Failure-to-Promote Claim Properly Dismissed; Proposed Comparators Did Not Engage in Similar Conduct

In Wood v. New York City Transit Authority, 2017 WL 4871371 (2d Cir. Oct. 30, 2017) (Summary Order), the court affirmed the dismissal of, inter alia, plaintiff’s failure-to-promote claim. Plaintiff, a New York City bus driver, filed this lawsuit after he was not promoted to dispatcher.

The court gives us an overview of the applicable law:

To establish a prima facie claim for failure to promote, plaintiff must show that: (1) he is a member of a protected class; (2) he was qualified for the position at issue; (3) he was denied the position; and (4) the circumstances of the adverse employment decision give rise to an inference of unlawful discrimination. Terry v. Ashcroft, 336 F.3d 128, 138 (2d Cir. 2003). Once an employer has proffered a non-discriminatory reason for failure to promote an employee, the employee must proffer evidence that his credentials were so superior to the person hired that “no reasonable person, in the exercise of impartial judgment, could have chosen the candidate selected over the plaintiff for the job in question.”

Applying the law, the court explained:

We agree with the District Court that, although Wood established a prime facie claim for failure to promote, he subsequently failed to proffer any evidence that the NYCTA’s legitimate, non-discriminatory reason for not promoting him to dispatcher was pretextual. The record indicates that Wood was not promoted because he had a prior 30-day suspension for gross misconduct for a “major preventable accident.” In June 2006, he collided with a car at an intersection and crashed his bus into a nearby house, injuring multiple people. The NYCTA later found that Wood had failed to exercise appropriate defensive driving techniques and that he had been driving at an excessive speed. Though the NYCTA first recommended that Wood be terminated, it ultimately settled on a 30-day suspension. In an effort to rebut these undisputed facts, plaintiff pointed to other employees who had been promoted over him. However, none of these employees had been penalized for similar or worse conduct, and each had better driving and disciplinary records. Plaintiff thus failed to establish that the NYCTA’s decision to promote other employees over him amounted to pretext for an otherwise discriminatory action, and the District Court properly found for defendant in this respect.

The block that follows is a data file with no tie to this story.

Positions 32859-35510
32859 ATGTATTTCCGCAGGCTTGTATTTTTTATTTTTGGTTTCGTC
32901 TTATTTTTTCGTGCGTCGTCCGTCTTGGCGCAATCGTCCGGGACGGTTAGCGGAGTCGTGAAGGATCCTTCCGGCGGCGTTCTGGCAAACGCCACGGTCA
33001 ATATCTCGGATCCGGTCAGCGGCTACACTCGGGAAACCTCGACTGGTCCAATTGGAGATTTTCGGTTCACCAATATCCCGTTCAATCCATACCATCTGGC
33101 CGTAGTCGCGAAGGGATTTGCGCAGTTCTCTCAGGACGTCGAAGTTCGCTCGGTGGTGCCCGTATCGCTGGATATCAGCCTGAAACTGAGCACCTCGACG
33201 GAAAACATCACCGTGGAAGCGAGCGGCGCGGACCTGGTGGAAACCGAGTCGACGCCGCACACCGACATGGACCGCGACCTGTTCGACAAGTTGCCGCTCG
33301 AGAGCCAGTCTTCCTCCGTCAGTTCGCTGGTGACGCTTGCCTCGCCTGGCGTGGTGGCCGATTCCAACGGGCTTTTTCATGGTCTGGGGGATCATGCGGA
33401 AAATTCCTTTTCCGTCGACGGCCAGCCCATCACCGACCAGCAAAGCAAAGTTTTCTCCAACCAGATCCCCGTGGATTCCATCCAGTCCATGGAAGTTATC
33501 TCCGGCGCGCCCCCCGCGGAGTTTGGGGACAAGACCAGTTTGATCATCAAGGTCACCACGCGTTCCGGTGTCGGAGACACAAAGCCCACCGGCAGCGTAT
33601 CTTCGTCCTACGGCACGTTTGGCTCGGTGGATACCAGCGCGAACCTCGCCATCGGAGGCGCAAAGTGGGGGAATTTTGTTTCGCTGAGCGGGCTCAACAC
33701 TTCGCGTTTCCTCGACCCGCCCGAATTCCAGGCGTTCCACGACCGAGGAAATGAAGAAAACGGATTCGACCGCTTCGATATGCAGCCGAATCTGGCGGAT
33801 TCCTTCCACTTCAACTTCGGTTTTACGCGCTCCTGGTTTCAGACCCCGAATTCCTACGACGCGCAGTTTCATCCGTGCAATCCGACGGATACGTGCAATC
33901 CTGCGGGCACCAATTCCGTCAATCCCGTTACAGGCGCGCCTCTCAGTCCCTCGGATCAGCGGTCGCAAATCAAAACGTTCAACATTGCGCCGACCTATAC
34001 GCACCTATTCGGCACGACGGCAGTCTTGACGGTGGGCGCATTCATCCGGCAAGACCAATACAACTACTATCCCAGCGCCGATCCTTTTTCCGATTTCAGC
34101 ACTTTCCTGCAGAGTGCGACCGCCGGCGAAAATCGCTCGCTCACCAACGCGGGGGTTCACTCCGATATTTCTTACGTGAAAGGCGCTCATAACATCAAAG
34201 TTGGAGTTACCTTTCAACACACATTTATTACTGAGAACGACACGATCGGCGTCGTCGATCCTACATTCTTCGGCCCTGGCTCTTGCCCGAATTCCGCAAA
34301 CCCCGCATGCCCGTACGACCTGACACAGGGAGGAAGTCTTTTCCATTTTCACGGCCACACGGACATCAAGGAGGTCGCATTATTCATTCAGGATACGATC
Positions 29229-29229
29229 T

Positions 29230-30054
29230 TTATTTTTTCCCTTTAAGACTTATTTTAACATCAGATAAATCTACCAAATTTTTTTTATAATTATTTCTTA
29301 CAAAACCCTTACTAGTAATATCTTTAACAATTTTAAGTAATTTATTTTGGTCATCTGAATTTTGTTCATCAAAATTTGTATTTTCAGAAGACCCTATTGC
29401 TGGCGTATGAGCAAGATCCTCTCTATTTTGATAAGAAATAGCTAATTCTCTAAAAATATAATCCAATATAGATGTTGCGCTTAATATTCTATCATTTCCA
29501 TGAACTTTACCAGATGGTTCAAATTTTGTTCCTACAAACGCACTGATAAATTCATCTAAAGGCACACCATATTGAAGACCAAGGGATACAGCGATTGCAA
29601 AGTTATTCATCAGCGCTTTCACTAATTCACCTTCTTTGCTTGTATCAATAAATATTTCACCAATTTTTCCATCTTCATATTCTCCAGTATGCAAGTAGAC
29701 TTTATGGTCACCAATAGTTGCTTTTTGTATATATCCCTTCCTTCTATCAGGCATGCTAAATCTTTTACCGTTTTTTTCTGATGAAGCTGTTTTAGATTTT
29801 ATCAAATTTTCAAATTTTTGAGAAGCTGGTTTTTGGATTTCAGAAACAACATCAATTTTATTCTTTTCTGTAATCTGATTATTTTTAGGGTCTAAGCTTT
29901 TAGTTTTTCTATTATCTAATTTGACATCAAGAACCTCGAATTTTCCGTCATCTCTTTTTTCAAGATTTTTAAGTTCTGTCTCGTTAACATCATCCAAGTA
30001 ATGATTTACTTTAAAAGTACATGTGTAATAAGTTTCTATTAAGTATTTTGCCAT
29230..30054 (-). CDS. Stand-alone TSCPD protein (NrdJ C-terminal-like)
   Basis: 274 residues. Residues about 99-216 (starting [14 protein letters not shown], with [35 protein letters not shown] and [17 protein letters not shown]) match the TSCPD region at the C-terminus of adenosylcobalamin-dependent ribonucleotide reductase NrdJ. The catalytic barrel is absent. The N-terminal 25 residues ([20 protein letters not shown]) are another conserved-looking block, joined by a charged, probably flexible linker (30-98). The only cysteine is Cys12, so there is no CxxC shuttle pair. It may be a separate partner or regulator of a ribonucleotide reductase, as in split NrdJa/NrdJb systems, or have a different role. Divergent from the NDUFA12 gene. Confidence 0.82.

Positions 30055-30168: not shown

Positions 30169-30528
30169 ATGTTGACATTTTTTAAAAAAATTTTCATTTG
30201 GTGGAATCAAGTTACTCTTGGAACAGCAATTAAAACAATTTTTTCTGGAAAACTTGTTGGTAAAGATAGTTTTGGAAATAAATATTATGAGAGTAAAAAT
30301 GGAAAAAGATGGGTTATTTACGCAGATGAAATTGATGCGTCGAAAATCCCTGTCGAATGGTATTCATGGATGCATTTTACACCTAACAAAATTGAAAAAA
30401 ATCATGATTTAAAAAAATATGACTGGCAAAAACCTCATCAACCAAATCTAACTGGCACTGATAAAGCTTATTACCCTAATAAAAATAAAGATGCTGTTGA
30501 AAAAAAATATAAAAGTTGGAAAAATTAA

The court also found that plaintiff “failed to prove that a similarly-situated NYCTA employee outside of his protected group received preferential treatment in promotion.” In particular, neither of plaintiff’s proposed comparators engaged in misconduct as serious as plaintiff’s.